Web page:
As a group of nutrition researchers, educators and clinicians, we recognise the complexity which spans diet, nutrition and health interfacing with diverse domains such as the social sciences, economics and politics on one hand as well as genetics and biomedical sciences on the other. We also recognise the complexities associated with obesity and weight loss. Therefore, we advocate for the appreciation and adoption of a wider, complete understanding of the science behind obesity and the strategies which are needed to address it.

In its' response to the UK Government policy paper on obesity, NNEdPro discussed four points of the proposed obesity strategy and provide recommendations for a more comprehensive and impactful response.

Read full NNEdPro response.

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FILE PHOTO: People eat chips whilst walking along the promenade at the British holiday resort of Scarborough, England July 16, 2009. REUTERS/Kevin Coombs/File Photo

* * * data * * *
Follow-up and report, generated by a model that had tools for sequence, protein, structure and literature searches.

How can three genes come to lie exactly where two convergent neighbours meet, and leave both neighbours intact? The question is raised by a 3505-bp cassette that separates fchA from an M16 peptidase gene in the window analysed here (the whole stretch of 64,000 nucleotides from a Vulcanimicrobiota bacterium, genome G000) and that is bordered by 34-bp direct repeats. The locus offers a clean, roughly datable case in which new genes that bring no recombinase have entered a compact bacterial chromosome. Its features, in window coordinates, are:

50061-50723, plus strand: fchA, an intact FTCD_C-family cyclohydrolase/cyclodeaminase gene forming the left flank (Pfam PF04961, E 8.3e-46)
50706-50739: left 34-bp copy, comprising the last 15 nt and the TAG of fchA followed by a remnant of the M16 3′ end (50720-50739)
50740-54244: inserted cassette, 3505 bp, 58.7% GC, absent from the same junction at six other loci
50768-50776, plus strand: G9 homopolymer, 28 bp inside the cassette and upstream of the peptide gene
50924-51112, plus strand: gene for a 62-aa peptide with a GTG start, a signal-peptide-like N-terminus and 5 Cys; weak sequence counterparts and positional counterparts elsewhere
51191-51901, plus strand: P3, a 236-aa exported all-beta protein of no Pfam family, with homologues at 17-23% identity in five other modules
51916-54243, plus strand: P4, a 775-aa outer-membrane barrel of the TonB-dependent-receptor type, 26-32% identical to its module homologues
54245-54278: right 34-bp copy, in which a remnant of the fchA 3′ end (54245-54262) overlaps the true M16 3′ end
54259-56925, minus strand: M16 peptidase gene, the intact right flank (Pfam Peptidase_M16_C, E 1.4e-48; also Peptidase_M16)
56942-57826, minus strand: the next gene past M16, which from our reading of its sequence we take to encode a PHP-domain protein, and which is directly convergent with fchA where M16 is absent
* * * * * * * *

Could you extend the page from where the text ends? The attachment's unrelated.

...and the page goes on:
Your weight is affected by a myriad of biological and societal factors

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The Environment Secretary Michael Gove appointed Henry Dimbleby to conduct this year-long review, and to then set out my recommendations within six months of its completion. Government will then publish an ambitious, multi-disciplinary National Food Strategy, the first of its kind for 75 years, in the form of a White Paper.

Part One of the UK National Food Strategy has been published; the recommendations cover two main themes:

• Making sure a generation of our most disadvantaged children do not get left behind.Eating well in childhood is the very foundation stone of equality of opportunity. It is essential for both physical and mental growth.